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Post-harvest Pathology: Plant Pathology in the 21st Century, Contributions to the 10th International Congress, ICPP 2013

Posted By: insetes
Post-harvest Pathology: Plant Pathology in the 21st Century, Contributions to the 10th International Congress, ICPP 2013

Post-harvest Pathology: Plant Pathology in the 21st Century, Contributions to the 10th International Congress, ICPP 2013 By Dov Prusky, Maria Lodovica Gullino (eds.)
2014 | 137 Pages | ISBN: 3319077007 | PDF | 4 MB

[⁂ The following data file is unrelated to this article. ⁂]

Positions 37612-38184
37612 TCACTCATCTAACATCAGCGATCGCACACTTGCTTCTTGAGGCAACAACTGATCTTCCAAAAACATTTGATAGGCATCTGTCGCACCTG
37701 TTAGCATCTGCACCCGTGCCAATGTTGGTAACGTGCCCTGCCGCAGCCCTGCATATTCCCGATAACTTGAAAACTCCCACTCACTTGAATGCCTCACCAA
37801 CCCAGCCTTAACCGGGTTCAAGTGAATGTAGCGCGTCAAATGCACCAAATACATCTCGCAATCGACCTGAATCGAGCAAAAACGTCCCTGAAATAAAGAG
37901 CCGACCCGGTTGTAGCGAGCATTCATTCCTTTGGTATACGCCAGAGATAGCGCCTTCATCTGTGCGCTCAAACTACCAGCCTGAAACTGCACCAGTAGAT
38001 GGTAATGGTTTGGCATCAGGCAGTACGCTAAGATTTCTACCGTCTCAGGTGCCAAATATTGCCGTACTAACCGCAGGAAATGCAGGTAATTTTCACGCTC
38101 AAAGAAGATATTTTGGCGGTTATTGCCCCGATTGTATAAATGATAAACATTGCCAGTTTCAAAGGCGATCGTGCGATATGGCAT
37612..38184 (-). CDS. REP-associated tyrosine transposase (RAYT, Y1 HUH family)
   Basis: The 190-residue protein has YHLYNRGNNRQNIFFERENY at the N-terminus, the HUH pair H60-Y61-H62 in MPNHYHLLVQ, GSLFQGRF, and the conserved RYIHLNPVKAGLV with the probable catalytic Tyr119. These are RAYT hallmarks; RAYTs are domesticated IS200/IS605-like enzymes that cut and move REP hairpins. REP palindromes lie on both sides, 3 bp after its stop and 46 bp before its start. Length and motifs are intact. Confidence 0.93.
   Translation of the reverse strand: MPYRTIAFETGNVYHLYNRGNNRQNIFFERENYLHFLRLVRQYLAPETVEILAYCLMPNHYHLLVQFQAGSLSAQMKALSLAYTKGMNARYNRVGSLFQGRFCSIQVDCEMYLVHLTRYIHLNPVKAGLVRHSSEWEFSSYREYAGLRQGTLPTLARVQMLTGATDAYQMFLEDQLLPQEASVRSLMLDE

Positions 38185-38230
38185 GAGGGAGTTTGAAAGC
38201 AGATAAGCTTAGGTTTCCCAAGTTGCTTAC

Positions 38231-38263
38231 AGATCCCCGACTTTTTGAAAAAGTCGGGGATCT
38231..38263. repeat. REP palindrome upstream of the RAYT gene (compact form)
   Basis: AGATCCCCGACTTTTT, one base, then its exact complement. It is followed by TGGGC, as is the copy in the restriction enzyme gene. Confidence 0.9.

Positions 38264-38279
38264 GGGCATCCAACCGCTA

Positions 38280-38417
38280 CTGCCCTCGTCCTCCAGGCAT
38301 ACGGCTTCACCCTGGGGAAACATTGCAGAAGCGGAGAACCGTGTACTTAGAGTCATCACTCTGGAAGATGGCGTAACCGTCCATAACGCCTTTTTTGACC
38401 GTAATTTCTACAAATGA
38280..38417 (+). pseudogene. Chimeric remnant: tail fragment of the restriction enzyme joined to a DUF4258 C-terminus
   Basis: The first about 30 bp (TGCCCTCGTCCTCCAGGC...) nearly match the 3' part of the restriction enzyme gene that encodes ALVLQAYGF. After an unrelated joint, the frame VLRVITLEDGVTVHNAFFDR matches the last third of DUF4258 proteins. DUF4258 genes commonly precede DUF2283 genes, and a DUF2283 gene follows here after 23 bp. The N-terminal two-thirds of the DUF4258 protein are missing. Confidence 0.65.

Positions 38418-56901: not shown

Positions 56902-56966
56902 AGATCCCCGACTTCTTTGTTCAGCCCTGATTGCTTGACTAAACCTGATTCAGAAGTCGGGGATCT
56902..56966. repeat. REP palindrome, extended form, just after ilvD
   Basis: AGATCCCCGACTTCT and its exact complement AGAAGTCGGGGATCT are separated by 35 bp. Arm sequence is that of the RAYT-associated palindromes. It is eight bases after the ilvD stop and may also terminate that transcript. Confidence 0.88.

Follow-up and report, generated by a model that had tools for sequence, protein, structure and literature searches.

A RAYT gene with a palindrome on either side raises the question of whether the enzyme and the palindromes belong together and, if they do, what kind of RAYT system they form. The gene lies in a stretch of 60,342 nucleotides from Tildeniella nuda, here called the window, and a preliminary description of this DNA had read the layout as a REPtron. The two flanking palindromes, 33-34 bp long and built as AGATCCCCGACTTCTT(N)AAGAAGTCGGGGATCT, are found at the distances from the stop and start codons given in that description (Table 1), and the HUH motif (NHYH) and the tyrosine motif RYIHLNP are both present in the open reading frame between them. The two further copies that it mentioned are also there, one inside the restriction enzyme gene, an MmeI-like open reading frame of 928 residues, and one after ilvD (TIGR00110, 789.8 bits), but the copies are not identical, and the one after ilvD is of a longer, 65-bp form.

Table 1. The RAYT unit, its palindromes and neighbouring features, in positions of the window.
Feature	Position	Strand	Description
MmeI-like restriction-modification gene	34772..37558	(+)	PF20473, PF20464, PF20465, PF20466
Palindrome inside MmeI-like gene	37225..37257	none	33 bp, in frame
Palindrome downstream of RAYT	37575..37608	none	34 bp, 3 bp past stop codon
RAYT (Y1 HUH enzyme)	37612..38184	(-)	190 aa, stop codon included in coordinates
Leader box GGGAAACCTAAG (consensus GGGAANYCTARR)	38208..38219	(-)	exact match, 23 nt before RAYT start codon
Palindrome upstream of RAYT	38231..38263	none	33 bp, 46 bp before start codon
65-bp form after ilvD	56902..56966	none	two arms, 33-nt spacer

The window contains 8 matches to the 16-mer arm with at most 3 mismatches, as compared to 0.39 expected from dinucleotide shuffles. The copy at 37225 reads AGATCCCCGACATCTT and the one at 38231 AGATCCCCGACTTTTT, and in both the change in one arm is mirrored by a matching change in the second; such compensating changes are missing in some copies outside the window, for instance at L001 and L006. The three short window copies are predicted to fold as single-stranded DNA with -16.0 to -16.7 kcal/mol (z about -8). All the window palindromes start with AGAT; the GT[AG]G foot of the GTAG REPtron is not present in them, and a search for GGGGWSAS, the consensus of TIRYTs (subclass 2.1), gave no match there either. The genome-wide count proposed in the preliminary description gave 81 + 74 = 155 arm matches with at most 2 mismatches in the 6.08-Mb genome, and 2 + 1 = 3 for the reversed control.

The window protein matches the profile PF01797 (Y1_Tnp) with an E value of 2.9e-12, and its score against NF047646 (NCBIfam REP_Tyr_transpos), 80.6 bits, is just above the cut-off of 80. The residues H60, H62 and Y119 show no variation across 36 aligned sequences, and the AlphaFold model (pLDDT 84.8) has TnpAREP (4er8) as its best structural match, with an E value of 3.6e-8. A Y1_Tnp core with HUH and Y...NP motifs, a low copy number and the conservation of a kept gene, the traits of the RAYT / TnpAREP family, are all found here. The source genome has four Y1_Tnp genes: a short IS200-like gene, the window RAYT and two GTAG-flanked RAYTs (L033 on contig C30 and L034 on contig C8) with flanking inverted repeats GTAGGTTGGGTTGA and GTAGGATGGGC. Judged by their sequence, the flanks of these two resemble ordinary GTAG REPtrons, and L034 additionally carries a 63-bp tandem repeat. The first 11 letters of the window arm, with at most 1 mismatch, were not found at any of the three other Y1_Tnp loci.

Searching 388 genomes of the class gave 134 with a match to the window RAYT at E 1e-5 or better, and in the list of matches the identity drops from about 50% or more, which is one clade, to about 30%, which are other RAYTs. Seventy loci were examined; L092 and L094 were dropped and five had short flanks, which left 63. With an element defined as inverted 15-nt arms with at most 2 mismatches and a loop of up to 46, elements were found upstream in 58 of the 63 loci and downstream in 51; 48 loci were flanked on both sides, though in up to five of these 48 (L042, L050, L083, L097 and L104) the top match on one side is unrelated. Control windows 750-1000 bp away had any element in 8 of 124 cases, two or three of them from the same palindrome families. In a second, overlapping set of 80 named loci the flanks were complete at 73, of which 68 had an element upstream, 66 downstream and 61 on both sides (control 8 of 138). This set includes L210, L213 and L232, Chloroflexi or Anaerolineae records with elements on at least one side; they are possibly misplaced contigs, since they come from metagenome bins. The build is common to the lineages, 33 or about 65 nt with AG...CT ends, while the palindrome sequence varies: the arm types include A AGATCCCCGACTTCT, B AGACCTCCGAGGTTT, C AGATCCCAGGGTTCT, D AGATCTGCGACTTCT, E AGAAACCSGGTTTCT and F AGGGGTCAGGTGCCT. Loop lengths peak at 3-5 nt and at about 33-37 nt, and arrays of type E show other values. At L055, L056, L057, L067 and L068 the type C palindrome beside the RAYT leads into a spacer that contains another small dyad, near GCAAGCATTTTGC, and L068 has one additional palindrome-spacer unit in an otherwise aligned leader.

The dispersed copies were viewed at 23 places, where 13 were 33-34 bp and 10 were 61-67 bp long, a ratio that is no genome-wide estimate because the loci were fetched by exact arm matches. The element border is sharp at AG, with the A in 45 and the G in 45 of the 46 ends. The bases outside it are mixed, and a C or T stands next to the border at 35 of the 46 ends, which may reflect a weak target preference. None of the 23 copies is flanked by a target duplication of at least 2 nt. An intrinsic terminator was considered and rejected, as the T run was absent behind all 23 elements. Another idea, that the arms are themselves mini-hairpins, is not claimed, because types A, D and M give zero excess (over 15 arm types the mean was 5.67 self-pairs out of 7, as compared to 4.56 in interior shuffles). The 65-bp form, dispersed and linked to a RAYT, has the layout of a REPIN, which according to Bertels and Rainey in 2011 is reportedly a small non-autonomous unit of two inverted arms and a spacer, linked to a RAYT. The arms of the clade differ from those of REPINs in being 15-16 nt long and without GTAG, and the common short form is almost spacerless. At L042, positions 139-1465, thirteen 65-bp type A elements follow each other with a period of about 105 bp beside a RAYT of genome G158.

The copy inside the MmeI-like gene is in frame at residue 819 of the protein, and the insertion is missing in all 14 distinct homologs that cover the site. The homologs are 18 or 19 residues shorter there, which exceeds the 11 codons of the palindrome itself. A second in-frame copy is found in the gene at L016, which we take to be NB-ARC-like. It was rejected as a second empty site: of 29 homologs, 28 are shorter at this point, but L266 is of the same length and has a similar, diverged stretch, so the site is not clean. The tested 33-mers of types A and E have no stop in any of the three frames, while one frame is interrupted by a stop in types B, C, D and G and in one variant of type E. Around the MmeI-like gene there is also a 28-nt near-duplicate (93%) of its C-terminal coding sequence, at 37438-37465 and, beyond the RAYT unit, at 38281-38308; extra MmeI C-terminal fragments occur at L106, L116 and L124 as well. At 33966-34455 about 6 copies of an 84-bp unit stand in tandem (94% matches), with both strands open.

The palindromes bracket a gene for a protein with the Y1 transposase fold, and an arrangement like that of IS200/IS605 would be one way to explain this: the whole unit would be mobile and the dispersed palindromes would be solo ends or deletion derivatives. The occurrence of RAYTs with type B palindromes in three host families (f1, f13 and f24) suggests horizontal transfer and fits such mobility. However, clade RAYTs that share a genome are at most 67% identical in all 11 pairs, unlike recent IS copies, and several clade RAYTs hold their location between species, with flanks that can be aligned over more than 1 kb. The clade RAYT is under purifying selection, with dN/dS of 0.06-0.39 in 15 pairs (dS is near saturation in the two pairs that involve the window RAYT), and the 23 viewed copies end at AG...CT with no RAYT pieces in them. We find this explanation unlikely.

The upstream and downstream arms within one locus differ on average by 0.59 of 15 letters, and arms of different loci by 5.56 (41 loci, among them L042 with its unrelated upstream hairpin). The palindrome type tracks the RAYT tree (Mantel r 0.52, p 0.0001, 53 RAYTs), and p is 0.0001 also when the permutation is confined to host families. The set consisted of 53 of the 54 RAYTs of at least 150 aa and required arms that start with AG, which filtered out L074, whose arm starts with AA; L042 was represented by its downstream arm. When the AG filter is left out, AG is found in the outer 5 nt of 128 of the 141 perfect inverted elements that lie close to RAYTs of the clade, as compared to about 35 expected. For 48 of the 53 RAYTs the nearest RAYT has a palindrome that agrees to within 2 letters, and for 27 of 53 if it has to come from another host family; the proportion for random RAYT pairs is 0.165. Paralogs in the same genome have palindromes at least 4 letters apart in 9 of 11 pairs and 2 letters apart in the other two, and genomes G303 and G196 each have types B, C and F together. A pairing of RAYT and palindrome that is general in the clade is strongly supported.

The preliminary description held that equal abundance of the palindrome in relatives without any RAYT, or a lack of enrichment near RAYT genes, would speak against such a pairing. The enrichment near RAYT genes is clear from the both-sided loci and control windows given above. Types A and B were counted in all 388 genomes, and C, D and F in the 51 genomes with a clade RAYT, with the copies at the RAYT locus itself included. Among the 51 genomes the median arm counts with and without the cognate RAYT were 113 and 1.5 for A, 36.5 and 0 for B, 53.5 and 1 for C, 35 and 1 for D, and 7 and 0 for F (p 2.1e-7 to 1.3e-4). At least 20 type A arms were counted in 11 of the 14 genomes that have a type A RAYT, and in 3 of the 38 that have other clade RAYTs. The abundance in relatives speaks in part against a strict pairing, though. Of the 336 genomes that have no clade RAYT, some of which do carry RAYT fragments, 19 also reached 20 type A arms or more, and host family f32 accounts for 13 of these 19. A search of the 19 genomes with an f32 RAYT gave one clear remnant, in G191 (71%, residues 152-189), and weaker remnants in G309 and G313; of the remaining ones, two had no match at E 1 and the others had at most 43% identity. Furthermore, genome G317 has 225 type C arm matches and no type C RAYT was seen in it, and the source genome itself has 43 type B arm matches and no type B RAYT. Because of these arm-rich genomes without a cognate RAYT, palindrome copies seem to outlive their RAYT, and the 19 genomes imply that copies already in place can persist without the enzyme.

This collection of papers includes some of the presentation given at the International congress of Plant Pathology held in Beijing in 2013 in the session of Recent Development in Postharvest Pathology. Fruit production for human consumption is an important part of the market economy. Any waste during to spoilage and pest infestation, in the field and the postharvest phase, results in significant economic losses which are more pronounced as the losses occur closer to the time of produce sale. Careful handling of perishable produce is needed for the prevention of postharvest diseases at different stages during harvesting. Handling, transport and storage in order to preserve the high quality produce. The extent of postharvest losses varies markedly depending on the commodities and country estimated to range between 4 and 8% in countries where postharvest refrigeration facilities are well developed to 30% where facilities are minimal. Microbial decay is one of the main factors that determine losses compromising the quality of the fresh produce. For the development of an integrated approach for decay management, cultural, preharvest, harvest and postharvest practices should be regarded as essential components that influence the complex interactions between host, pathogen, and environmental conditions. Orchards practices including preharvest fungicide applications can also directly reduce the development of postharvest fruit decay. Among postharvest practices, postharvest fruit treatments with fungicide are the most effective means to reduce decay. Ideally, these fungicides protect the fruit from infections that occur before treatment, including pathogen causing quiescent infections, as well from infection that are initiated after treatment during postharvest handling, shipment and marketing. The implementation of these alternatives techniques often requires modifying currently used postharvest practices and development of new formulation for their applications.The present chapters deal with the newest report related to postharvest pathology in the world.